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Students forego gyms, spring into fair-weathered workouts

Daniel Chi / Lantern photographer

Ohio State students have access to gym facilities and free group fitness classes at the RPAC this quarter, yet some are opting to forego the gym and take their workouts outdoors.

While group fitness classes have cost $50 for full-quarter passes, $30 for half-quarter passes and $5 for a single class, all fitness classes at the RPAC are offered for free to students this quarter. Since the first week of Spring Quarter, about 2,350 people have signed up for group fitness passes – an increase from the more than 1,800 group fitness passes issued in the spring last year, according to the Department of Recreational Sports.

“In partnership with the student governments and the Council (on) Student Affairs, our department moved to the free class model to find a direct way to put student dollars into student programming and help more students live a life a motion,” said Marci Shumaker, Rec Sports associate director for administration.

Meredith Richards, a first-year in medical dietetics, has been taking advantage of the free fitness classes this quarter by taking cycling.

“I definitely hope they keep offering free classes,” Richards said. “It’s a good step in the right direction in getting people to work out who wouldn’t normally. It’s getting more people involved in something that doesn’t seem like exercise.”

Paul Blischak, a fourth-year in mathematics, said he thinks the free fitness classes will help people who are hesitant to try working out by encouraging them to join a class with a friend. However, he said he will not be going to any of the free classes.

“Working out in a group is not my style,” Blischak said. “When I work out, I don’t want to do it where there’s no sunshine and just gray walls and machines.”

Nilang Vyas, a second-year in astronomy, plays tennis, volleyball, cricket and basketball around campus and at nearby parks, and said he appreciates using outdoor courts to play sports.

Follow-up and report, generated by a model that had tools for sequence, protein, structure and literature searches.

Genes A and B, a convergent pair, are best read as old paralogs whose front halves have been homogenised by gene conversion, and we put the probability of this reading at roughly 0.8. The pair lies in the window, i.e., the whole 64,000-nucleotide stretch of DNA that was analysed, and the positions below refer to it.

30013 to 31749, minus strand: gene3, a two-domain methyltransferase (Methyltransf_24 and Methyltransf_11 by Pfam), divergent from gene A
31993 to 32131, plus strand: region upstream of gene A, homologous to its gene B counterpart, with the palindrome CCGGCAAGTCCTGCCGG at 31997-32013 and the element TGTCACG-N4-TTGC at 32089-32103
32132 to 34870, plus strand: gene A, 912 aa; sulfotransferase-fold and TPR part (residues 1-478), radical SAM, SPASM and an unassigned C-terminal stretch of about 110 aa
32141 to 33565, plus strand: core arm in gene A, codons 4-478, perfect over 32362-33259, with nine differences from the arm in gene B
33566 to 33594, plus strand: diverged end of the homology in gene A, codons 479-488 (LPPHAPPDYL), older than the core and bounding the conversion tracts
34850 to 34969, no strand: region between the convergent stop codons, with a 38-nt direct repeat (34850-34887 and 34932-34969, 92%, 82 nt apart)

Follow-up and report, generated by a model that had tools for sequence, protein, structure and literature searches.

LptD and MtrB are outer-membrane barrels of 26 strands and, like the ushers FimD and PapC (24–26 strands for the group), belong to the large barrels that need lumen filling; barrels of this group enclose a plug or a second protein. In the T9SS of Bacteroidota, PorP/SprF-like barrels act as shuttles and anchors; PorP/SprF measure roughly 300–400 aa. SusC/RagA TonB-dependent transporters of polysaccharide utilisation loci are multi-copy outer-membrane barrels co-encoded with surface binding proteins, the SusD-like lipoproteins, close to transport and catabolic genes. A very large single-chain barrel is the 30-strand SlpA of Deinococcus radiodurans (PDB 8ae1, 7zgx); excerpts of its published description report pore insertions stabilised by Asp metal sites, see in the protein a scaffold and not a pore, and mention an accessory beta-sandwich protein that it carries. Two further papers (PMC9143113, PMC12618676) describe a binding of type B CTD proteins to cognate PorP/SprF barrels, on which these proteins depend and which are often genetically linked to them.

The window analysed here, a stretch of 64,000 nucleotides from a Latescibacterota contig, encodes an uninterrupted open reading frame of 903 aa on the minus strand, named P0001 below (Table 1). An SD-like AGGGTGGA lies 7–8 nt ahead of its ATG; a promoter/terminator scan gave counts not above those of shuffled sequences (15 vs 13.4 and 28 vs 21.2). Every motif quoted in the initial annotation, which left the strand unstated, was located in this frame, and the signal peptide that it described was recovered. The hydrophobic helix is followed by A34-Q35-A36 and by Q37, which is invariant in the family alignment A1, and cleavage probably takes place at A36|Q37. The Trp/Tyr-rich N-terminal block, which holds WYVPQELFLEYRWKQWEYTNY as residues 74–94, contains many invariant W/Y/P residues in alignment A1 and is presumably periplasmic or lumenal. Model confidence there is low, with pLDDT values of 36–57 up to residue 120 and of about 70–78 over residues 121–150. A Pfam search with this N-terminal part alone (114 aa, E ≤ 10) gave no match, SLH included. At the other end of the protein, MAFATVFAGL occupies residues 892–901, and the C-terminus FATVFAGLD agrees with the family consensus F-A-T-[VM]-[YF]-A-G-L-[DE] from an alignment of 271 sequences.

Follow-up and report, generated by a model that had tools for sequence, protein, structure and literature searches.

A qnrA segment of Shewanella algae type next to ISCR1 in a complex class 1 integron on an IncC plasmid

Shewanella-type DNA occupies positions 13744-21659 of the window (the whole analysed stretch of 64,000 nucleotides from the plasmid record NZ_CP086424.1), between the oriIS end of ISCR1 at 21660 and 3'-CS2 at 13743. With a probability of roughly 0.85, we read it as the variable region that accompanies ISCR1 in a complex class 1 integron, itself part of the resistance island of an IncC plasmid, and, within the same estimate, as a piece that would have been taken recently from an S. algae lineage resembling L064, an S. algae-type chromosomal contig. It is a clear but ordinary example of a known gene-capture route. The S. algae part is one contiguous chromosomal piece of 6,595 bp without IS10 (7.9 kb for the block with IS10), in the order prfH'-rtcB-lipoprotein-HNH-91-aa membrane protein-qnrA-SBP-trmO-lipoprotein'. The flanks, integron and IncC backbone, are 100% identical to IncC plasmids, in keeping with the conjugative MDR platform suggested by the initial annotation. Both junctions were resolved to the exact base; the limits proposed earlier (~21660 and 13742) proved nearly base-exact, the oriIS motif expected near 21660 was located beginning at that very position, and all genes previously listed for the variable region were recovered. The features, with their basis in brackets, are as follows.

“It just feels better to be outside,” Vyas said, “especially because we’re always inside.”

Chirag Patel, a fourth-year in aviation engineering, said he prefers exercising outside at Homestead Park in Hilliard, Ohio. In warm weather, he incorporates four miles of running, pull ups, sit ups, push ups and dips into his outdoor workouts.

“It feels better when you’re in nature,” Patel said. “It feels fresh, and it actually feels like a workout.”

John Katsares, personal training coordinator for OSU Rec Sports, said exercising outside with fresh air and vitamin D from sunlight can boost energy levels. Even without equipment, he said there are still ways to get a good workout outside.

“Find a park and do a circuit of running and walking,” Katsares said. “Then hop on a bench and do curl ups.”

As exercising outside and in the more traditional gym setting inside both have their benefits, Katsares suggests exercising in both settings to add variety in workouts.

“Try to vary your workouts in order to maintain adherence and avoid boredom,” Katsares said. “Change the intensity, volume and mode of training on a weekly basis if possible.”

Jessi Jones, a master’s student in Slavic and East European studies, is training for a marathon by using the indoor track in the RPAC but said she will eventually run outside exclusively. She said exercising outside is better for long-distance running.

“It’s more motivational because you’re running past things,” Jones said.

Regardless of preference for outdoor or indoor workouts, Katsares said people looking to get fit should start a new fitness routine slowly and allow for muscle repair between workouts.

“Start gradually, not too hard, too fast. Be consistent, you won’t see gains overnight,” Katsares said. “Allow for adequate rest between workouts – 24 hours between cardio … and 48 hours rest between training similar muscle groups.”

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